After our roll cake and pudding, the third product to bear Koyama name is a small cream-colored cheese cake. With a minutely textured souffle crust, the cake melts in your mouth like a light snowfall. And with a magnificent blend of two types of cheese(Kiri from France, and a Hokkaido-made brand famed for its freshness),the cake is defined by its special body and tart flavor.The slightly fruity fragrance and subtle aftertaste is created by including a touch of sweet dessert wine from the Sauternais region. The small but rich gateau with a creamy, milky taste that is sure to please is the product of high-qualiy cheese. The es Koyama specialty label is always signifield by the word "Koyama" on the package. This is a mark of quality indicating Chef Koyama unreservedly recommends and stands behind the product.
"As the alcohol content is highly diluted, children can also enjoy the treat.
The Secret Story of Koyama Cheese
Koyama Cheese is the product of over three year's work and comes to you with our total satisfaction. Over that period, the sole purpose of our tireless pursuits was exquisite taste.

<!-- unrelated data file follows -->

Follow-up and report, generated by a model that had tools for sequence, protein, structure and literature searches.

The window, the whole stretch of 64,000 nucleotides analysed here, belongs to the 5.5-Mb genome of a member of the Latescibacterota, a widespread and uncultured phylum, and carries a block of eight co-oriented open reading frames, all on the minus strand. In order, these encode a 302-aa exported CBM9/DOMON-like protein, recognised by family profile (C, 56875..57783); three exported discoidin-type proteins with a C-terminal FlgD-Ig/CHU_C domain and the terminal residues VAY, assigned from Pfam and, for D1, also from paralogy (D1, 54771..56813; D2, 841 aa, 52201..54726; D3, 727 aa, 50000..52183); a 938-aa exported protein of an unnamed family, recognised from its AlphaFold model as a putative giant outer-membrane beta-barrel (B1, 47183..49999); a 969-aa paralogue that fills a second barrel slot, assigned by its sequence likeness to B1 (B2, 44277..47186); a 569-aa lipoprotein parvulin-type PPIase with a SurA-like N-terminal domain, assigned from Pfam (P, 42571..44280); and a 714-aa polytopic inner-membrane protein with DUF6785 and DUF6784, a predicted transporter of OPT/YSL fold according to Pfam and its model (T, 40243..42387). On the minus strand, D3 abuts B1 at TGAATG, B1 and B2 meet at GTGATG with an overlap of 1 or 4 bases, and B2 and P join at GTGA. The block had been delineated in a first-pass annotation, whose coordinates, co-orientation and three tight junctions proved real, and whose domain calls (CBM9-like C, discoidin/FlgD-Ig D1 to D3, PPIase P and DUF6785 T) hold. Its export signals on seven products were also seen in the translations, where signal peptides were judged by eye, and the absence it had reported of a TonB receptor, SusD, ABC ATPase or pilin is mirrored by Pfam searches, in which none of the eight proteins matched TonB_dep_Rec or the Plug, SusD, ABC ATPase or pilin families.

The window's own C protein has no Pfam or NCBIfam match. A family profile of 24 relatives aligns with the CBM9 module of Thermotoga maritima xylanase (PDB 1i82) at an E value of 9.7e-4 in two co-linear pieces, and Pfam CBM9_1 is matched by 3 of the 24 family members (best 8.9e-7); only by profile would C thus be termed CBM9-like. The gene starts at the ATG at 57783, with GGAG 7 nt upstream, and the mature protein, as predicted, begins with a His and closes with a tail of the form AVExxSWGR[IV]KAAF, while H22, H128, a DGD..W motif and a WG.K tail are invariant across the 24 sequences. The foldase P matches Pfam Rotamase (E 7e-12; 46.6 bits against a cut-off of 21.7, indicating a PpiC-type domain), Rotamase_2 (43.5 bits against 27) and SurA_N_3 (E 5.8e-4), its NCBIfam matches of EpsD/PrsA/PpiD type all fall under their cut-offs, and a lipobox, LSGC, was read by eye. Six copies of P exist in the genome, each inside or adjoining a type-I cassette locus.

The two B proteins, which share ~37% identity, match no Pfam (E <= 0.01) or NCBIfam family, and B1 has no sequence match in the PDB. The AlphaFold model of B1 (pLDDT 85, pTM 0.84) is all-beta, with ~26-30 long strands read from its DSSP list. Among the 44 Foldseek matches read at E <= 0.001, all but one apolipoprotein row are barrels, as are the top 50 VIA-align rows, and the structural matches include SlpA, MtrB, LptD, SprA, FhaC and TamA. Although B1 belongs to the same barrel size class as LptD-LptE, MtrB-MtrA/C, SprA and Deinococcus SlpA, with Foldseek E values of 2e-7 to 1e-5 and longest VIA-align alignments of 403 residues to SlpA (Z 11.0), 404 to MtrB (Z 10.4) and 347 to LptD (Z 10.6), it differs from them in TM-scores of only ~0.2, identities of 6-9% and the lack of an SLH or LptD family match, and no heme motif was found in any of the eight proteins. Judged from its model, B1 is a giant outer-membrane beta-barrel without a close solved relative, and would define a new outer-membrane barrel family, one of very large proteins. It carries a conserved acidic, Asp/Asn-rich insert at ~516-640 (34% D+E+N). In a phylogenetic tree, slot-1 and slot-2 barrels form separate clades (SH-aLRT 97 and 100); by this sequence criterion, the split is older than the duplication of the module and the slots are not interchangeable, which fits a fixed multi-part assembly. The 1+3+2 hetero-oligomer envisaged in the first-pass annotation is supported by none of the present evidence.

In about 2007, almost by accident, we embarked on a plan to develop the ideal cheese cake. But just as we seemed to be on the verge of realizing our goal, we were suddenly faced with the harsh reality that, due to some import problems, we threw out all of the recipes we had developed and started all over again with new materials.
After three long years of work, we finally arrived at a solution ? a blend of cheeses from France and Hokkaido. The first was made by the famous Kiri company and the second was an extremely fresh cream cheese from the Donan region of Japan's most northerly island. With these two ingredients, we arrived at a souffle crust that is notable for its rich body and a deeply milky, slightly tart flavor.
With a single bite, the excellent taste fills you with a fluffy sense of happiness ? like a special gift from the vast and fertile ground of Mother Hokkaido. Behind es Koyama's third speciality is long period of trial-and-error and the challenging spirit of our patissiers, whose incessant need to develop new sweets has now paid off.